The training [in chemical weapons], which is taking place in Jordan and Turkey, involves how to monitor and secure stockpiles and handle weapons sites and materials, according to the sources. Some of the contractors are on the ground in Syria working with the rebels to monitor some of the sites, according to one of the officials.

The nationality of the trainers was not disclosed, though the officials cautioned against assuming all are American. (CNN, December 09, 2012, emphasis added

And once these Al Qaeda rebels had been supplied and trained in the use of WMDs by military contractors hired by the Pentagon, the Syrian government would then be held responsible for using the WMD against the Syrian people.

(more…)

Can Washington and Her Allies Stop Syria’s Reconciliation Efforts?

by FRANKLIN LAMB

Damascus — For  more than a year,  analysts and lobbyists have predicted umpteen times that the “tipping point” signaling the Assad government’s collapse was a sure thing and would happen any time now. “It’s just a matter of days, not weeks” President Obama declared back in 2011.

Based on personal observations and interviews with informed people who actually live in Syria, as opposed to the Zionist think tanks and armchair “experts”, this observer concedes that prognosticators are finally right. Over the past few months, I have concluded the long elusive “tipping point” in Syria has indeed been reached and the momentum has shifted decisively in this embattled nation.

But not the tipping point that rebel promoters were hoping for, including the NATO countries.

Rather, momentum here has tipped in favor of the current regime due to its capacity to maintain a slowly rising level of popular support, and good relations with key foreign supporters during the current run up to next year’s Presidential election. Then, it will be up to the Syrian voters to decide who stays, goes, and/or joins in their next government.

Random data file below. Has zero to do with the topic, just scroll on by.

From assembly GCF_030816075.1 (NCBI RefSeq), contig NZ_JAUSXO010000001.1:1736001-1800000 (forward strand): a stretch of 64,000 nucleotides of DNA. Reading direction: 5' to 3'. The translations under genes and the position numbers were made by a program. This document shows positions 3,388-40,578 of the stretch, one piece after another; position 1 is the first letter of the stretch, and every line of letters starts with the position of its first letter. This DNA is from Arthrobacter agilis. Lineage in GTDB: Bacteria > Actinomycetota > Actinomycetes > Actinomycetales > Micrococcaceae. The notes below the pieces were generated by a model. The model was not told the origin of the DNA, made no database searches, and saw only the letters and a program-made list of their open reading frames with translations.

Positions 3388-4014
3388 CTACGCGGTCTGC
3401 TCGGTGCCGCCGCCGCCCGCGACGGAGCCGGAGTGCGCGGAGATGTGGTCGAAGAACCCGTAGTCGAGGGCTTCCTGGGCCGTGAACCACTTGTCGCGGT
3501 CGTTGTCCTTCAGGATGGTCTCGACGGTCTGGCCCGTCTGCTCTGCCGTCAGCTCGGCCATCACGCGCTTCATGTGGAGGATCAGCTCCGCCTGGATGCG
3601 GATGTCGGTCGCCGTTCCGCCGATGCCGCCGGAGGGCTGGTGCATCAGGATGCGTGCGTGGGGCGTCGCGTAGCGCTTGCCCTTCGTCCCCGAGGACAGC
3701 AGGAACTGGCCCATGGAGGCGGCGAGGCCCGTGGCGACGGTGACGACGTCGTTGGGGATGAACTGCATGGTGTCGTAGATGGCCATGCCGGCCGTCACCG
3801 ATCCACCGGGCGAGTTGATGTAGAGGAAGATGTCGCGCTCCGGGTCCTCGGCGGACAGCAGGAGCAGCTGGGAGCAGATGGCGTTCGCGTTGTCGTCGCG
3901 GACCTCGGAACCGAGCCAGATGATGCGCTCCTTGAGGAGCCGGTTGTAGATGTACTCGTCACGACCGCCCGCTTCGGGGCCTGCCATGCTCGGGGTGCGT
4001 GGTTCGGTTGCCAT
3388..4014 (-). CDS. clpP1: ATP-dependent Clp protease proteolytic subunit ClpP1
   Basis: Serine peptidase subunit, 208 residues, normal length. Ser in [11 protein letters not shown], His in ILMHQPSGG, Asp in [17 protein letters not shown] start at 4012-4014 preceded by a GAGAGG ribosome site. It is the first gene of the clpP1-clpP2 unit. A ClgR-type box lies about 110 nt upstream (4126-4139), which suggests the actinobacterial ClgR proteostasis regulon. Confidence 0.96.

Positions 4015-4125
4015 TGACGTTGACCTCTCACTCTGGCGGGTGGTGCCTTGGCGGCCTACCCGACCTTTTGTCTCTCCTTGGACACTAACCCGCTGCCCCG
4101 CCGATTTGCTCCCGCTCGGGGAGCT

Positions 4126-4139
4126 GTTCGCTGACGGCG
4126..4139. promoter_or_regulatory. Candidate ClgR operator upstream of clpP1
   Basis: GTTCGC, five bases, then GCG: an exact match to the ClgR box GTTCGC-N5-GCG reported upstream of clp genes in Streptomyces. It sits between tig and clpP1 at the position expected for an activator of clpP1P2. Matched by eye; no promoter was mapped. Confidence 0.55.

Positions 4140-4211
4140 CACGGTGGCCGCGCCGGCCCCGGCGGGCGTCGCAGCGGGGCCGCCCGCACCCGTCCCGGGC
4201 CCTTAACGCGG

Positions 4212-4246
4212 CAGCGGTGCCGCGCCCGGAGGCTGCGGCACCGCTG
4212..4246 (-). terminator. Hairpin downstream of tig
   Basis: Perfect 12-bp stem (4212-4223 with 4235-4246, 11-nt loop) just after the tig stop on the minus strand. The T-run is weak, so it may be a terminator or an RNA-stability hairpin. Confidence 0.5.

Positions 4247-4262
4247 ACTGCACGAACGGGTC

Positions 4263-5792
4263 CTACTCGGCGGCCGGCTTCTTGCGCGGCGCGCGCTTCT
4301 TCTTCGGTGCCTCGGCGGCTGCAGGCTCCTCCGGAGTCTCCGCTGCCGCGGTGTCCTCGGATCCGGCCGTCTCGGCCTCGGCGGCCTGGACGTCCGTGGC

I base my tentative conclusions, on among others, the following factors.

The Syrian population here is so tired, so exhausted and beaten down. The killing has gone on for so long. The Syrian people, like Iranians and others I have observed, appear to exhibit a distinctly noticeable, profound and almost moral and religious bond with their countrymen. They personally feel acutely their country’s suffering. People on the streets are very shocked and incredulous at what is going on. Many in fact feel less strongly about either side in the conflict and just want the slaughter to end and for life to return to ‘normal’ without deep revolutionary-across the board-changes for now.

Two days ago mortars hit the campus of Damascus University. By the grace of God there were no casualties-this time. But students report that on average about six mortars or explosive devices hit Damascus every week. While unreported in the media, the attack on Damascus University where the student body has pretty much stayed on the sidelines during the current crisis, is an example of the nerve shattering recognition here that rebels can more or less fire mortars or rockets at will into Damascus, from miles away.

These terrorist attacks are very difficult to stop and constitute an ever present danger for Damascenes. The relatively frequently used small US M252 81mm mortar that can be carried in a deep pocket or under a shirt when strapped, has a bit more than a one mile range (1609 meters). Larger ones can travel several miles when set at between 45 and 85 degrees to the ground according to military sources.